Heavy Thinking by Akiva Shmidman


            In this week's parsha Hashem commands ושמרו בני ישראל את השבת... לדורותם ברית עולם (לא:טז), that Bnei Yisrael should keep and (לעשות) do the Shabbat.   However, how does one "do" the Shabbat?  Shabbat is not an activity that one can physically perform.

            Responding to this question, the אבן עזרא explains that one should take care of any preparations that need to be done for Shabbat.  Therefore, any of the cleaning or cooking that must be done for Shabbat is the לעשות to which the Torah is referring.

            Another answer is suggested by the מלאכת מחשבת על התורה, a philosophical work of the early 81th century.  He asserts that when one has an obligation to do something which requires no action but exclusively thought, completion of the required thought is referred to as an "עשייה", an action.  The main reason Hashem gave us the Shabbat, explains the מלאכת מחשבת, is to remember the creation of the world, that Hashem created the world in six days and rested on the seventh.  Thus the Torah states in the next pasuk (לג:יז) ביני ובין בני ישראל אות היא לעולם כי ששת ימים עשה את השמים ואת הארץ וביום השביעי שבת וינפש, that Shabbat should be a sign for all generations that Hashem created the world in six days and rested on the seventh.  Hence, concludes the מלאכת מחשבת, the commandment of לעשות את השבת is one that can properly be fulfilled through refraining from melacha and demonstrating recognition and belief in this idea.  Therefore, when one has fully attained this belief, it is considered as if the person is physically and actively fulfilling the injunction לעשות את השבת.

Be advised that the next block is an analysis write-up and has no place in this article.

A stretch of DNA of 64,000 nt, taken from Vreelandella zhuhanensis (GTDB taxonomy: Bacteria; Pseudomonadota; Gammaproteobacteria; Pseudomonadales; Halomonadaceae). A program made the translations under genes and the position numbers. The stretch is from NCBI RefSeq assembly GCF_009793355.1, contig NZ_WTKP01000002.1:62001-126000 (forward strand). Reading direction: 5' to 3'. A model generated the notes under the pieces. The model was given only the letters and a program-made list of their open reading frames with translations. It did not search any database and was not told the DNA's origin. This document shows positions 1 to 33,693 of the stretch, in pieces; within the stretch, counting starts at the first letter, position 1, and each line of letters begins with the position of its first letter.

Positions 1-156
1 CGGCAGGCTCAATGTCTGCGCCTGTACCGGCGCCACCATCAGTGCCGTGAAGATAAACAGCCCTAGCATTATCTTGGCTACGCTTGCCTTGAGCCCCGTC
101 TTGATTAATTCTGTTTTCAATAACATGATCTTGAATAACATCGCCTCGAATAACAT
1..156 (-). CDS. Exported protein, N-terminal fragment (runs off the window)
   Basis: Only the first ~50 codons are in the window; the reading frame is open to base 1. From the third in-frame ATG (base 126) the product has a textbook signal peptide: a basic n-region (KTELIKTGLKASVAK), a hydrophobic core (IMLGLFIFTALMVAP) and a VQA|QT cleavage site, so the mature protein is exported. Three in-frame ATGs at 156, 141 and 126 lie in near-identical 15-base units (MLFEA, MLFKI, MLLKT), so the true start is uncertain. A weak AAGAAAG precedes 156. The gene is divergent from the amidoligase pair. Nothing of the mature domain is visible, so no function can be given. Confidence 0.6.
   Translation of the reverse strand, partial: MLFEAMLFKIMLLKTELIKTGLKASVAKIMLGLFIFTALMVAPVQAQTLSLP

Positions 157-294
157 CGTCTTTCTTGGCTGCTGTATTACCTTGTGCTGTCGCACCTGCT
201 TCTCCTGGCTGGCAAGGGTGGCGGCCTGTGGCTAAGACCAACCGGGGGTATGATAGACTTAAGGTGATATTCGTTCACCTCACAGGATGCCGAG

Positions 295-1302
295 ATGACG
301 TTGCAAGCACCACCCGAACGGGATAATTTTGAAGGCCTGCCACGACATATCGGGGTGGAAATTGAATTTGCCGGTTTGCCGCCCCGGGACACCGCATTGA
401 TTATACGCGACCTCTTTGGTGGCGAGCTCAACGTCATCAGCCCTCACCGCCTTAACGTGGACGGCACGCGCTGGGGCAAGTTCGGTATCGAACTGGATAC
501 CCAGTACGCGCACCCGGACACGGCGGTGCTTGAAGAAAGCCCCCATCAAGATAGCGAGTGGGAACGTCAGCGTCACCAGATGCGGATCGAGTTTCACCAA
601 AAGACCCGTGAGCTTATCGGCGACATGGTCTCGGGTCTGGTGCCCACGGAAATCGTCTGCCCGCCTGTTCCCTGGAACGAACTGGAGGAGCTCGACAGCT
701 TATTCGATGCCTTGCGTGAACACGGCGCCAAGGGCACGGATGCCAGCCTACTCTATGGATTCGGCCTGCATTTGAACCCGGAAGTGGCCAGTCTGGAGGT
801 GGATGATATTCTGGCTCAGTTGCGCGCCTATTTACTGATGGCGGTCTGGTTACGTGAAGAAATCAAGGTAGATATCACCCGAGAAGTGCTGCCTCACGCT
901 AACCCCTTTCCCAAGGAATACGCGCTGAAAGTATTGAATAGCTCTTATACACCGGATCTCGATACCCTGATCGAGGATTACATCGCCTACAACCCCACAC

The Final Message by Rabbi Zvi Grumet

Indecision and Dedication by Eli Gurock